Common Retirement Financial Fears and How to Overcome Them | Aging

Laveta Brigham

Thinking about your 401(k) investments and uncertainties about the future can be enough to make even the best planners feel anxious about retirement. While it’s common to have money-related retirement concerns, the good news is that these worries don’t have to linger. A few steps in the right direction can […]

Thinking about your 401(k) investments and uncertainties about the future can be enough to make even the best planners feel anxious about retirement. While it’s common to have money-related retirement concerns, the good news is that these worries don’t have to linger. A few steps in the right direction can help calm your mind and establish a smart financial strategy for retirement.

Sources of retirement anxiety include:

  • Running out of money.
  • Skyrocketing inflation.
  • High health care costs.
  • Stock market crashes.
  • Children moving back home.
  • Taking Social Security at the wrong time.
  • No one to take care of finances.
  • Too much debt.

Read on to see how these retirement fears can be addressed and overcome.

Running Out of Money

It can be difficult to determine if you are saving enough to cover your long-term needs. To alleviate concerns, “Use a good retirement calculator or work with a financial advisor with good retirement planning software,” says Mike Piershale, president of Piershale Financial Group in Barrington, Illinois.

Adequate software can run calculations to show you how much you need to save. It can also help you see how reducing your retirement expenses could help ensure you have enough income. “The projection should include all sources of retirement income, like Social Security, pensions, rental income, portfolio income and even a part-time job if necessary,” Piershale says.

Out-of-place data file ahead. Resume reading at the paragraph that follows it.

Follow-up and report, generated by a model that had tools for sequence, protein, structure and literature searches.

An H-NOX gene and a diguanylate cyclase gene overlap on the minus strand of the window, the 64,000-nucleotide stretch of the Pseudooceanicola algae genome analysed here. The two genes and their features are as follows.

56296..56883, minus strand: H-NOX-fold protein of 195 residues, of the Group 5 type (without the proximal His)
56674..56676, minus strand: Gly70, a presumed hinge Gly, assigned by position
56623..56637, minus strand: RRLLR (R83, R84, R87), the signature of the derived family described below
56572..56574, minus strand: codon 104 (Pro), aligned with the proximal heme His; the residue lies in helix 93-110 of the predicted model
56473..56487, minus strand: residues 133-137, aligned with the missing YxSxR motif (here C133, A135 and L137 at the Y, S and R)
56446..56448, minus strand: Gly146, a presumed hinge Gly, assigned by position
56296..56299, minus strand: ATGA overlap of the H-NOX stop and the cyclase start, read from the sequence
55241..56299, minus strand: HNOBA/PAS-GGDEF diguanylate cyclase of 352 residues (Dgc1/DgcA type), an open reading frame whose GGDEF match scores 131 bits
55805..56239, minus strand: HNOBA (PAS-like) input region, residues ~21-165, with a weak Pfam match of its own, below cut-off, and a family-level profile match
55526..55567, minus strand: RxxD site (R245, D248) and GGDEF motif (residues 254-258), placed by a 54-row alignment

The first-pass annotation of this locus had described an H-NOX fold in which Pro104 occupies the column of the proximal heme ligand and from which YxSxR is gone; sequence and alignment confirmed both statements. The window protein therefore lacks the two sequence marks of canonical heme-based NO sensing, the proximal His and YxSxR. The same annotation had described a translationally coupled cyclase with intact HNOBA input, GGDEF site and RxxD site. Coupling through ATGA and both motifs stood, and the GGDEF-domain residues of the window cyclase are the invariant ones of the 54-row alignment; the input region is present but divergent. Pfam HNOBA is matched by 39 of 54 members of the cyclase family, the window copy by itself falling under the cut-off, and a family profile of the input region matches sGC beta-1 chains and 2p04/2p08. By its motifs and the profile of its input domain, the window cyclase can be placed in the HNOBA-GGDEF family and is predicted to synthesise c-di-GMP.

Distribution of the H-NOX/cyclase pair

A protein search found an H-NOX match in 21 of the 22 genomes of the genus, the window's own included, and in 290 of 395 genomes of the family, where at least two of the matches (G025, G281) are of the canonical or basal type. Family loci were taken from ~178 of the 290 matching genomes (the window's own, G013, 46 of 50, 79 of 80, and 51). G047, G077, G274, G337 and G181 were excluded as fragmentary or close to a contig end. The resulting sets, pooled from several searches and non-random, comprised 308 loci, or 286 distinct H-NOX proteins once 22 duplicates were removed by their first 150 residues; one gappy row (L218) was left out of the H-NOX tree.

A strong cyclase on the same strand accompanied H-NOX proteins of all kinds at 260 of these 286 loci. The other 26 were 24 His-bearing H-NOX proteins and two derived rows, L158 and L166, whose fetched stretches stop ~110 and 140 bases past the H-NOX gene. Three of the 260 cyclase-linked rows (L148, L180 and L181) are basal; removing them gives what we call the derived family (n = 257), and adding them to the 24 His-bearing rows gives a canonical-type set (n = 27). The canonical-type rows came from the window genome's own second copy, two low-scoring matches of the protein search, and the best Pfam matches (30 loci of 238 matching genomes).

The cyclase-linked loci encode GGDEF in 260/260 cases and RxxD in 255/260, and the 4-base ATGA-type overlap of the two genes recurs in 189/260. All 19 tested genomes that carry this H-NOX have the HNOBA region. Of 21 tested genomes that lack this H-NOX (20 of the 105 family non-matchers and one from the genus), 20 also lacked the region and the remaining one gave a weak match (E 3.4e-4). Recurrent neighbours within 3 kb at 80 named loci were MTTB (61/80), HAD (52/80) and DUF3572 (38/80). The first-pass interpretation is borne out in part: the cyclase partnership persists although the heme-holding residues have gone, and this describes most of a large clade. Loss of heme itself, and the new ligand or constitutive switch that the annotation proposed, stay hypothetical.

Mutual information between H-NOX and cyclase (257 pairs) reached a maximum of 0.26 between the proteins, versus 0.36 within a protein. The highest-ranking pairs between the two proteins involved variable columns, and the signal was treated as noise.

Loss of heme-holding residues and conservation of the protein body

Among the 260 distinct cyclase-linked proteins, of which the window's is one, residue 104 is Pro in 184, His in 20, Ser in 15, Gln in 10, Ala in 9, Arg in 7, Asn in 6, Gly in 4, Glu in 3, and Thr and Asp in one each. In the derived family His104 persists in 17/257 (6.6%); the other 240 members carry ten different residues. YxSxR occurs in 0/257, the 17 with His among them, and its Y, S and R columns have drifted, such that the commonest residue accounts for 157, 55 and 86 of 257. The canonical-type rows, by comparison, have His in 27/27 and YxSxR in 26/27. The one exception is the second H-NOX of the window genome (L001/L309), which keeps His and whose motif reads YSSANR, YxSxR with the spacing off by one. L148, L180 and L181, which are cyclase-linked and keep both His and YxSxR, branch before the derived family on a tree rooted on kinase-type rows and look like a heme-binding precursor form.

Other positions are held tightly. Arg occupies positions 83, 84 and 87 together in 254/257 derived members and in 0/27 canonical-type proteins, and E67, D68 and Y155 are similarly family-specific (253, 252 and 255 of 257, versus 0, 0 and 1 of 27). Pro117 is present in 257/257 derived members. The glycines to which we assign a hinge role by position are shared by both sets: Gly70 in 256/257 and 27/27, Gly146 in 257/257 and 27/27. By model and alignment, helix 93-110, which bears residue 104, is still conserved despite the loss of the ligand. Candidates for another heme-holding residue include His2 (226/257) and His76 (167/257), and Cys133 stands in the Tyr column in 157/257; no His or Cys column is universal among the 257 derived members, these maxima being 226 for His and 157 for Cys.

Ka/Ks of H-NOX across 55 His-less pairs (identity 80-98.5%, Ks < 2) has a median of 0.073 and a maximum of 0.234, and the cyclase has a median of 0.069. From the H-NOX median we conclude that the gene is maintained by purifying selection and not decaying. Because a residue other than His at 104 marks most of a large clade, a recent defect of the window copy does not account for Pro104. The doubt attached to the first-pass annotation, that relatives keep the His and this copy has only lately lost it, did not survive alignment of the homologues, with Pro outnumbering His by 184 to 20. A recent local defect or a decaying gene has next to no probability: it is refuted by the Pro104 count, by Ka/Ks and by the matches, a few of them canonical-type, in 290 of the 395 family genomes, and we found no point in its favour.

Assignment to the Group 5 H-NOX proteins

Skyrocketing Inflation

If prices rise, retirement dollars can’t buy as much. High inflation could mean you need to make lifestyle changes in retirement, like not going out to eat as often or traveling as frequently. “An option to possibly help fight inflation is a Treasury Inflation-Protected Security,” says Juan Carlos Cruz, founder of Britewater Financial Group in Brooklyn, New York. A TIPS is a treasury bond that is tied to an inflationary index. The principal of the bond increases with inflation and decreases with deflation. When it matures, you receive the adjusted principal or the original principal, whichever is greater.

High Health Care Costs

Paying for medical treatment in the future may be concerning amid rising health care costs. One way to save toward upcoming medical bills is by opening and funding a health savings account. “These are powerful accounts that carry incredible tax savings and allow all money to cover medical health costs tax-free,” Cruz says. However, once you enroll in Medicare at age 65, you will not be able to fund the account anymore.

Stock Market Crashes